An executive said that Israel has no real problem with food shortages, only with specific products.
By Nurit Kadosh, Calcalist
As coronavirus, also known as Covid-19, fears grow and the number of people in home-quarantine rises, Israelis are descending on supermarkets to stock up their pantries.
Photos of empty grocery store shelves over the weekend have only exacerbated the situation, leading to long lines at stores and a boost in the number of home deliveries being ordered.
At retail supermarket chain Rami Levy, employees were called in Saturday night to fill up the shelves ahead of the new week. Supermarket chain Victory reported a 250% jump in online sales and a 50% increase in in-store shopping, day to date.
Shufersal Ltd., Yochananof, and drugstore chains Super-Pharm and Be all reported increased sales.
“Sales last week and yesterday were very high, especially for the dozens of products that can be stored, like pasta, basic food staples, snacks, and canned products,” a senior executive in the food industry told Calcalist on condition of anonymity.
“Increases were seen in both online and brick-and-mortar sales, and we are preparing for very high sales this week as well, until Passover. Right after Purim, we will start displaying Passover products.”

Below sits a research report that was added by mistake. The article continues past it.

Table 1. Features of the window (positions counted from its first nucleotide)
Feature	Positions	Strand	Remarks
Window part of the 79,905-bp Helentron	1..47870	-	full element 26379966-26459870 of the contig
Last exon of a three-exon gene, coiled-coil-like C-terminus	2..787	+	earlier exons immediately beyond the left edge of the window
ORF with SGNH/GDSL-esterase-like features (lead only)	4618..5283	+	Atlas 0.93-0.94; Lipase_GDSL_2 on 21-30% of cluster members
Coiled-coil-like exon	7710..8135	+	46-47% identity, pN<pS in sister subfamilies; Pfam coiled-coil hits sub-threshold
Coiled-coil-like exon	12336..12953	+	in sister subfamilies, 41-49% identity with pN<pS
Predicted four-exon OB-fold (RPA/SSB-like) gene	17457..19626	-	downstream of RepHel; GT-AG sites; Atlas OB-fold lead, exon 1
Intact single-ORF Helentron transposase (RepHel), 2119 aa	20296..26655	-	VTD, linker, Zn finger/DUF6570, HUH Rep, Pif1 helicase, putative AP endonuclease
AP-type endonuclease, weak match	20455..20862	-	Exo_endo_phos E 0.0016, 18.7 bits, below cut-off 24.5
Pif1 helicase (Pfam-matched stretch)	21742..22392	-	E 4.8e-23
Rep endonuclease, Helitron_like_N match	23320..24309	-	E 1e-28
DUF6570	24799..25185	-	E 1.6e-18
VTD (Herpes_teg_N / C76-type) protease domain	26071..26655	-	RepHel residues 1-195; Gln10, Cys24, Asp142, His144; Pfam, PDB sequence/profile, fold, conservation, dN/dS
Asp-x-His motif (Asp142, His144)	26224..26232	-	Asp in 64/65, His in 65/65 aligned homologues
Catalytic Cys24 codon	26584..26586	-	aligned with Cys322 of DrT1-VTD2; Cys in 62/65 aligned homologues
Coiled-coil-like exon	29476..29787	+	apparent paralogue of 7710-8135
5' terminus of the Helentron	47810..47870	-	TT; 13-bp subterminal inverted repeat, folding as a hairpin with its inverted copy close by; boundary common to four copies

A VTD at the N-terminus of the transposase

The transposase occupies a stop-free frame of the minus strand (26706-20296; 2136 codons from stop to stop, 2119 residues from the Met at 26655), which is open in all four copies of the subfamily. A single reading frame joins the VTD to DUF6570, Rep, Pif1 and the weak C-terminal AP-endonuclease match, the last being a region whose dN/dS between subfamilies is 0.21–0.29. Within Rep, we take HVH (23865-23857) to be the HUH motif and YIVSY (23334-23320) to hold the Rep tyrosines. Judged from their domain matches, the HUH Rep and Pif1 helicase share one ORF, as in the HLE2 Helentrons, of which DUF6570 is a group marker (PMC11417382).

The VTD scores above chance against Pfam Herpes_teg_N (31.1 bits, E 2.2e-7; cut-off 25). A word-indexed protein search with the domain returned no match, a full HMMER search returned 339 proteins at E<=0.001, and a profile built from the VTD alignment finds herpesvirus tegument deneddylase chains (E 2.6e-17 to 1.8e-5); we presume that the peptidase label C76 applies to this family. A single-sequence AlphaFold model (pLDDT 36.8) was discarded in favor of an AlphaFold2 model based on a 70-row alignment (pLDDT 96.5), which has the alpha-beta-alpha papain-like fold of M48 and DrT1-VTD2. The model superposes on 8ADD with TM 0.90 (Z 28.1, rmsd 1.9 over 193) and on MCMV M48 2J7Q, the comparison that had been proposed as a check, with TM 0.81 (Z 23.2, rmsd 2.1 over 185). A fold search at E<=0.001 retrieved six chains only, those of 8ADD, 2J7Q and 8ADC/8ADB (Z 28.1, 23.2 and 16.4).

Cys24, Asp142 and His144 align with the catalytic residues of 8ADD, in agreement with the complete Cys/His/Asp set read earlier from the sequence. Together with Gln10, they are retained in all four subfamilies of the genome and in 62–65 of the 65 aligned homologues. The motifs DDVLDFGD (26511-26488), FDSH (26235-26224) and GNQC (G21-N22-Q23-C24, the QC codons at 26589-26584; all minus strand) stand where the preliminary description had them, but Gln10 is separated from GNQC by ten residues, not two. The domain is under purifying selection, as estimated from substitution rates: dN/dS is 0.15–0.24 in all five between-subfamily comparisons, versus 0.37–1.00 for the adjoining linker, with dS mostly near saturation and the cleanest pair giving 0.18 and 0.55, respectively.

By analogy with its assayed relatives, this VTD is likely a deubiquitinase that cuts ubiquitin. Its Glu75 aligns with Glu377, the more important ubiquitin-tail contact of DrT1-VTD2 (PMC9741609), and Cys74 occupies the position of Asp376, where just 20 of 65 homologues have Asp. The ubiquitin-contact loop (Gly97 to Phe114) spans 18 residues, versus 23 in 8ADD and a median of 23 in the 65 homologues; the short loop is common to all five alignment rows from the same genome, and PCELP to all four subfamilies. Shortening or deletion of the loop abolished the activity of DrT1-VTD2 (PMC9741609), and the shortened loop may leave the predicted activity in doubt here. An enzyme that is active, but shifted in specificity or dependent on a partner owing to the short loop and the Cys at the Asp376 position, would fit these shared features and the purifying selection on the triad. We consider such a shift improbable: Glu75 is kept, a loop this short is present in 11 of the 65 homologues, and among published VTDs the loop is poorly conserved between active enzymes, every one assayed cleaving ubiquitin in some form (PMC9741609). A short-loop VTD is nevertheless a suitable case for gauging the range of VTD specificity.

The executive further said that Israel has no real problem with food shortages, only with specific products that mostly have alternatives. “There might be a shortage of a certain tuna brand or some pasta, but there are replacements,” the executive said.
Industry experts are expecting the shopping frenzy to result in unusually high sales for the first quarter of 2020, thanks to a combination of corona-fueled stockpiling and Passover preparations.
However, despite the boost in sales, the stocks of public chains dropped Sunday, following the general trend seen on the Tel Aviv Stock Exchange: Shufersal closed 4% down, Rami Levy closed 3.7% down, and Victory ended the day with a 2.8% drop.
On Sunday, suppliers estimated the increase in orders made by retailers at 50% for products like pasta, canned goods, rice, and toilet paper, and at 20% for fresh foodstuff.
However, it should be noted that chains are expected to end Passover preparations as soon as next week: due to the large number of flights and travel plans canceled, more Israelis are expected to stay in the country for the holiday than in previous years, boosting the holiday shopping crowd.
Last year, 1.5 million Israelis spent Passover abroad, leading some in the industry to expect demand for kosher products will exceed the available supply.
“Passover sales will set a new record,” a senior industry executive told Calcalist, adding that he expects holiday sales to grow by 10% compared to last year even without stockpiling. “There is an attempt to increase the amount of products, but it is not always possible as manufacturing is based on pre-ordered kosher raw materials.”
Passover season in Israel is usually characterized by shortages in fresh produce like milk, chicken, and vegetables as many workers are on holiday. This year, it seems shortages in kosher dry products are also to be expected.
One large retailer has estimated that people could start buying ahead for the holiday as soon as next week, out of fear of products running out.